Family eating together have always been important. Since the COVID-19 pandemic, 40 percent of Americans are now cooking at home more. Also, 35 percent say they have become more successful at avoiding food waste.
Here are some more important facts about the importance of families eating together.
Family meals keep us connected. The communication and relationship skills learned at family meals prepare us to survive and thrive during life’s ups and downs.
Family meals are the foundation for a healthy nation. The nourishment we get at family meals help us to be physically and emotionally fit.
Family meals have always been one of the best healthy habits. There are many scientific studies that prove that more frequent family meals are associated to better nutrition and family dynamics.
Parents are working to break down the barriers that stand in the way of their family meals. They are doing this by serving meals that you know your children enjoy; making sure everyone is home at dinner time; having and sticking to a set dinner time; and serving meals that require less time to prepare.
Children who grow up sharing family meals are more likely to exhibit prosocial behavior as adults, such as sharing, fairness and respect.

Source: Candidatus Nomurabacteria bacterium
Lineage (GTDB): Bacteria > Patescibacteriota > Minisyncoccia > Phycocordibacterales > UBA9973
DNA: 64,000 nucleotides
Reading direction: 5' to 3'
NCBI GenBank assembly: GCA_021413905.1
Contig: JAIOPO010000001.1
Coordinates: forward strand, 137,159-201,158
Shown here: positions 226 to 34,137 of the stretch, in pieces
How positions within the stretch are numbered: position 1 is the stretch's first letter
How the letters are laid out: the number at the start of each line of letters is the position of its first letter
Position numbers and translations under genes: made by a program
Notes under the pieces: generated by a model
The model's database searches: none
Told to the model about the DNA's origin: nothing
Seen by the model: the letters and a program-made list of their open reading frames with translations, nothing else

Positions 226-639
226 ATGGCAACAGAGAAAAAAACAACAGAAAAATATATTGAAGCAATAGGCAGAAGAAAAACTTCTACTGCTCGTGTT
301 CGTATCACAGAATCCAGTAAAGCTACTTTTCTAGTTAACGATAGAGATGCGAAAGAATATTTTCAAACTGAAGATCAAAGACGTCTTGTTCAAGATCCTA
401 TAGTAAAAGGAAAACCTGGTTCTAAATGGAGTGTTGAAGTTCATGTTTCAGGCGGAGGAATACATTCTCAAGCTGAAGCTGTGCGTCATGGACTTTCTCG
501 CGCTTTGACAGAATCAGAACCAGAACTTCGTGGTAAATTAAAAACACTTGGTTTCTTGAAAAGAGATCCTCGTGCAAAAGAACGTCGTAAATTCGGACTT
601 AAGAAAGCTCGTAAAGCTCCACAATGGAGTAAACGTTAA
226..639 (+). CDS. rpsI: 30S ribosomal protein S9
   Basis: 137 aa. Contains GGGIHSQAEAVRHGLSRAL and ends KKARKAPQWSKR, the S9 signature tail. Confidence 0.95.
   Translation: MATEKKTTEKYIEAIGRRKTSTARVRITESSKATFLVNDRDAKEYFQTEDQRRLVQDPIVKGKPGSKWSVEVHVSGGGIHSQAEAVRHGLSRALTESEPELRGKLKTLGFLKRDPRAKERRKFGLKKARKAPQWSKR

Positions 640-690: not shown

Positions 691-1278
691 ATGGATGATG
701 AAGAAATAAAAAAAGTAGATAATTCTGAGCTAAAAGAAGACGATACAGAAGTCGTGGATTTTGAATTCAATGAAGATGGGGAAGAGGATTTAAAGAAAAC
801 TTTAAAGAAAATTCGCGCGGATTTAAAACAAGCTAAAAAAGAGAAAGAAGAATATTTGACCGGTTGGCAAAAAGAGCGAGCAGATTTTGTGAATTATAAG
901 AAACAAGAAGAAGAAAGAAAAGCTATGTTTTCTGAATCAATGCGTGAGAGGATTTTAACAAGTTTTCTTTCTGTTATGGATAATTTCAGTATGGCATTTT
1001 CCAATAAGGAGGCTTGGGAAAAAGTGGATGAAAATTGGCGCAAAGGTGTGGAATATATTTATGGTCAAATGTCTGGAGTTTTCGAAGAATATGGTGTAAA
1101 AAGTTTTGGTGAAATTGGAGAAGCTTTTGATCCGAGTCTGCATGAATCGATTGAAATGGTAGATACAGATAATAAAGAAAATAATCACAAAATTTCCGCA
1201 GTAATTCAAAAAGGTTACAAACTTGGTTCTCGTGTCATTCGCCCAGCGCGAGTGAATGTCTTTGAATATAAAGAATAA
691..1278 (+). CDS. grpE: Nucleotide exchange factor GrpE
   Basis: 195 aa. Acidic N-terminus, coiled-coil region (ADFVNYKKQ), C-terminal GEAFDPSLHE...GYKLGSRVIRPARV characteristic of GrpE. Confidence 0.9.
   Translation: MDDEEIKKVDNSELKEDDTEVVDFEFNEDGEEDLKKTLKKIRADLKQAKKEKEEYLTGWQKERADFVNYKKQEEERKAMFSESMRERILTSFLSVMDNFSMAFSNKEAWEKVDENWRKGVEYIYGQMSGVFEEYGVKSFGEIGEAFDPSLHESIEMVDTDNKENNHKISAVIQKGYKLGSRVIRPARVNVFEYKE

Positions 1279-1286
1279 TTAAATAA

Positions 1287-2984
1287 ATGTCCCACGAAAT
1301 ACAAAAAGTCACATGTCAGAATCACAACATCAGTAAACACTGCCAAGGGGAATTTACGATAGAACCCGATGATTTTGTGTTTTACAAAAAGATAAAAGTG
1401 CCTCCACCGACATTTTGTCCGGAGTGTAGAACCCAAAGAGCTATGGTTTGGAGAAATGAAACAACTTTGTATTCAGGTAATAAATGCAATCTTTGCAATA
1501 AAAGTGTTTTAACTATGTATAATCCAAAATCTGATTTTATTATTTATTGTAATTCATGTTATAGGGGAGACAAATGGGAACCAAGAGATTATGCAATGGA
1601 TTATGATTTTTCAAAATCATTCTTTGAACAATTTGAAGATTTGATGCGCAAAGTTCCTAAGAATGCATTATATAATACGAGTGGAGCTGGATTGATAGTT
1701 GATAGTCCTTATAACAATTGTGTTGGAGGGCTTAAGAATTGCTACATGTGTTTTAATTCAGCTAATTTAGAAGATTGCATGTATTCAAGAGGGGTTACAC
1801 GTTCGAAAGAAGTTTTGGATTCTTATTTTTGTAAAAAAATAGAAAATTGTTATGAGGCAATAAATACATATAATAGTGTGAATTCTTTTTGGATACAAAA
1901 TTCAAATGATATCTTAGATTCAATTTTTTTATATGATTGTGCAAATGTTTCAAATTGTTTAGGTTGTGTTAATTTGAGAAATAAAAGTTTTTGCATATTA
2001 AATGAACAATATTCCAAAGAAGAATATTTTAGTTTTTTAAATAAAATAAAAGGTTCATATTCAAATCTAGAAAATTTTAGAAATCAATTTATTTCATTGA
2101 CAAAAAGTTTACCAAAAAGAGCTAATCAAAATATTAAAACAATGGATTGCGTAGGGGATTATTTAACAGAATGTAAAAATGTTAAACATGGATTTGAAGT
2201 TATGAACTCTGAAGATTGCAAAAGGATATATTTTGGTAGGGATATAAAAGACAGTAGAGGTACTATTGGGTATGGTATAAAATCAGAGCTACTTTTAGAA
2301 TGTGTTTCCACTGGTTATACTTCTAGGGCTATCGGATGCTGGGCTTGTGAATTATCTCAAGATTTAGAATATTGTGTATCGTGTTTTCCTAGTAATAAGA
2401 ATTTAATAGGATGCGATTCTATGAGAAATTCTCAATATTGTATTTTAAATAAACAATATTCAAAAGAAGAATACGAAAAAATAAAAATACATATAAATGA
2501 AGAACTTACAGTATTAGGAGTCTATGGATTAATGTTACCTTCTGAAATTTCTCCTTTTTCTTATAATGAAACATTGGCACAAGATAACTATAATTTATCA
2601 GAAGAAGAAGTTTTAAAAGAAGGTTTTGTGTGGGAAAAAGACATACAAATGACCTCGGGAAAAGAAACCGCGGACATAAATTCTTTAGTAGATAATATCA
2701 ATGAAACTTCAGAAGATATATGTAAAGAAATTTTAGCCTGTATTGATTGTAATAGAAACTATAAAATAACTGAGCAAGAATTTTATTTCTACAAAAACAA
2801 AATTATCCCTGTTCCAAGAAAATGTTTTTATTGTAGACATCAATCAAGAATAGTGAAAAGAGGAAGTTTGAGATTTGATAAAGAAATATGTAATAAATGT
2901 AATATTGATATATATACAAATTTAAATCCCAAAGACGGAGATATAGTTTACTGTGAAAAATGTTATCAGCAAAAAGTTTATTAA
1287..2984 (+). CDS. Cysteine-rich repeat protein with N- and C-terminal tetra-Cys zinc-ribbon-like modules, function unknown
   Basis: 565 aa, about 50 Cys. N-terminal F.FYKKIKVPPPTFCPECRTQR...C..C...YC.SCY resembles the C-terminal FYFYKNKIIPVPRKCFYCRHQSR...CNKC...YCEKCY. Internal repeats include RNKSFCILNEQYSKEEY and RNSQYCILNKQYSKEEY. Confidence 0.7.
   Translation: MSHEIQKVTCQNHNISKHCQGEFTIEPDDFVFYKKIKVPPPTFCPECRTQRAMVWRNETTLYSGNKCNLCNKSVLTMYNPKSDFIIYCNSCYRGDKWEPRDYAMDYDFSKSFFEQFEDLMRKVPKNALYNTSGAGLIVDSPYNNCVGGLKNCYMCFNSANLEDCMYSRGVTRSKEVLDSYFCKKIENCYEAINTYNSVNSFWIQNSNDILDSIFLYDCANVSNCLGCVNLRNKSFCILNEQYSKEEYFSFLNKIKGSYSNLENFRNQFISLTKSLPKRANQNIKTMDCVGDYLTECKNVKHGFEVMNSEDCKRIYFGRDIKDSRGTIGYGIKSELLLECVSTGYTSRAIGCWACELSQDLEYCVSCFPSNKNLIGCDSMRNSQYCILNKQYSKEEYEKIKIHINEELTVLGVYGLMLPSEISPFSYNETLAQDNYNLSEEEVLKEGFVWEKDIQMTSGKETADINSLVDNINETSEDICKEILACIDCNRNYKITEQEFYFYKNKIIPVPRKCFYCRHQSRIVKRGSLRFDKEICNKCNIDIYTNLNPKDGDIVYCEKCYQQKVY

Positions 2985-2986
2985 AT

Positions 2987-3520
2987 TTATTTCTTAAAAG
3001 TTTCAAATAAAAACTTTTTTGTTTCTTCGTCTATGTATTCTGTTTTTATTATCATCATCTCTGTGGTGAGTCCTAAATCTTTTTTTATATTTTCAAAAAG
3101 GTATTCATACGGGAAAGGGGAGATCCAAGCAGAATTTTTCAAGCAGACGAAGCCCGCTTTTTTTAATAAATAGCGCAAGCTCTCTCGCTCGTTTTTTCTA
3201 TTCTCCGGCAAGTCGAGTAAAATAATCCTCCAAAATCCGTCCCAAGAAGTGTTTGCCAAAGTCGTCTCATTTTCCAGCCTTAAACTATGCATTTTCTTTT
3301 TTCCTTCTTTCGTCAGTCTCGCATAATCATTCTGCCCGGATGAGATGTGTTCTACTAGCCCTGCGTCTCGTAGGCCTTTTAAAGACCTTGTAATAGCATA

With each additional family meal shared every week, adolescents are less likely to show symptoms of violence, depression and suicide, less likely to use or abuse drugs or run away, and less likely to engage in risky behavior or delinquent acts.
Family meals fuel better nutrition and help to reduce obesity. The more meals families share, the better they eat, literally, consuming more healthy items including fruits, vegetables, fiber, calcium-rich foods and vitamins.
Family meals strengthen family bonds, as they provide a regular time for the whole family to be together, strengthening bonds and deepening relationships.
Family meals help teach family heritage. The meals are a representation of the ethnic, cultural and religious heritage of the family. Understanding and appreciating your roots can give you a sense of stability and identity in the world today.
Family meals make the grad. Kids from kindergarten to college who eat meals with their families four times a week or more earn better test scores and succeed in school.
Family meals increase self-esteem, a sense of wellbeing, positive social behaviors, and stronger family relationships.
Resource: Family Meals Movement
Kathy Smith is a Texas A&M AgriLife extension agent in Parker County.